Ohalot, Chapter Fourteen, Mishnah One



Chapter fourteen deals with various projections that jut out above the entrance to a house and with whether they form an ohel to allow the impurity to enter the house.


Mishnah One

1)      A projection brings uncleanness, whatever width it may be; 

2)      But a balcony or rounded balcony when they are one handbreadth wide.

3)      What is a projection? That [projection] whose surface slopes downwards,

4)      And a balcony’s surface slopes upwards.

5)      In what [circumstances] did they say that a projection brings uncleanness whatever width it may be?

a)      With regard to a projection which is three rows of stones, or twelve handbreadths, above the doorway.

b)      When higher than that, it brings uncleanness only if it is one handbreadth wide.

6)      Cornices  and carvings bring uncleanness when they are one handbreadth wide.



Sections one and three: As will be explained in section three, the “projection” referred to here seems to be some sort of canopy that slopes downward and is used to protect the entrance to the house from rain and sun. Since this canopy is really part of the house, it joins the house to bring impurity in. Therefore, it itself does not need to be a handbreadth, the generally required size of an ohel. If a source of corpse impurity is found under this projection, the house will be impure.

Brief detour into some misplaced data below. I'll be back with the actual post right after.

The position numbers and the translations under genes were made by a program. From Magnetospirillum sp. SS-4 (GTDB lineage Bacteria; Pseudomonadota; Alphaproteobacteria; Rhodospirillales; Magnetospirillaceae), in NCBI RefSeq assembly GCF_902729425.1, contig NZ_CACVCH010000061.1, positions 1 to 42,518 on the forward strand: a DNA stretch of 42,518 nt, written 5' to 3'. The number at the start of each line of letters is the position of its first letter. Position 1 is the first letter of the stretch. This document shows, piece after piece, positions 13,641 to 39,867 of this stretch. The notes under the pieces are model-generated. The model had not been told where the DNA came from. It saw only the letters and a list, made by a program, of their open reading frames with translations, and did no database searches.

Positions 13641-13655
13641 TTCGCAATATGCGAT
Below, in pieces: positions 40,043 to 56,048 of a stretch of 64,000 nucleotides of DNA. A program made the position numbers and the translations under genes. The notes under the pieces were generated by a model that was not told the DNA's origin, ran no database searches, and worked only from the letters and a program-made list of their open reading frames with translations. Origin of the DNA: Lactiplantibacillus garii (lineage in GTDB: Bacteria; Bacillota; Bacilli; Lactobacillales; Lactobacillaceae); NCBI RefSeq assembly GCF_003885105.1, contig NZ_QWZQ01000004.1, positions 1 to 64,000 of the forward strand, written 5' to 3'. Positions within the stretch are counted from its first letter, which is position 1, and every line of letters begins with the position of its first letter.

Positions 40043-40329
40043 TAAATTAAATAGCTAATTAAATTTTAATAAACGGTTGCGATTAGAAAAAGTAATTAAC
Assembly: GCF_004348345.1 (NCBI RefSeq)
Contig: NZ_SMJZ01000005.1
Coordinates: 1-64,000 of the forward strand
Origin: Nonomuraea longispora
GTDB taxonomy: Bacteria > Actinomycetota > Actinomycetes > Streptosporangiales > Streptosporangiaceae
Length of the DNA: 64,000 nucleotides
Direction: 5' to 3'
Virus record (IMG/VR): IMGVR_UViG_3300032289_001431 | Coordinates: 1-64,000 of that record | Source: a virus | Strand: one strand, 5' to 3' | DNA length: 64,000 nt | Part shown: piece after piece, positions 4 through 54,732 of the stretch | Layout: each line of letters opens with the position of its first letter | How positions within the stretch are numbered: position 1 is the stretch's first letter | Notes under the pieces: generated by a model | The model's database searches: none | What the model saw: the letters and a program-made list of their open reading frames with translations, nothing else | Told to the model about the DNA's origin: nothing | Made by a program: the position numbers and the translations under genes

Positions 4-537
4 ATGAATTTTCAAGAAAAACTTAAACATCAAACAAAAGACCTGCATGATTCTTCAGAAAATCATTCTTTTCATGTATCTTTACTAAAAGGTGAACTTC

Sections two and four: In contrast, a balcony’s surface slopes upward so that it can be used by those living on the upper floor. It does not join the entrance to the house below to bring impurity into the house unless it is itself the size of an ohel, meaning one handbreadth.

Section five: For a projection to join with the opening of a house to allow impurity into the house it cannot be more than twelve handbreadths (equivalent to three rows of stones) above the doorway. Up to such a height and the canopy-projection can conceivably protect the entrance. But above this height it will need to be a handbreadth in order to form a tent to bring impurity in.

Section six: Anything made for aesthetic purposes was not designed to protect the entrance. Therefore, it does not join with the entrance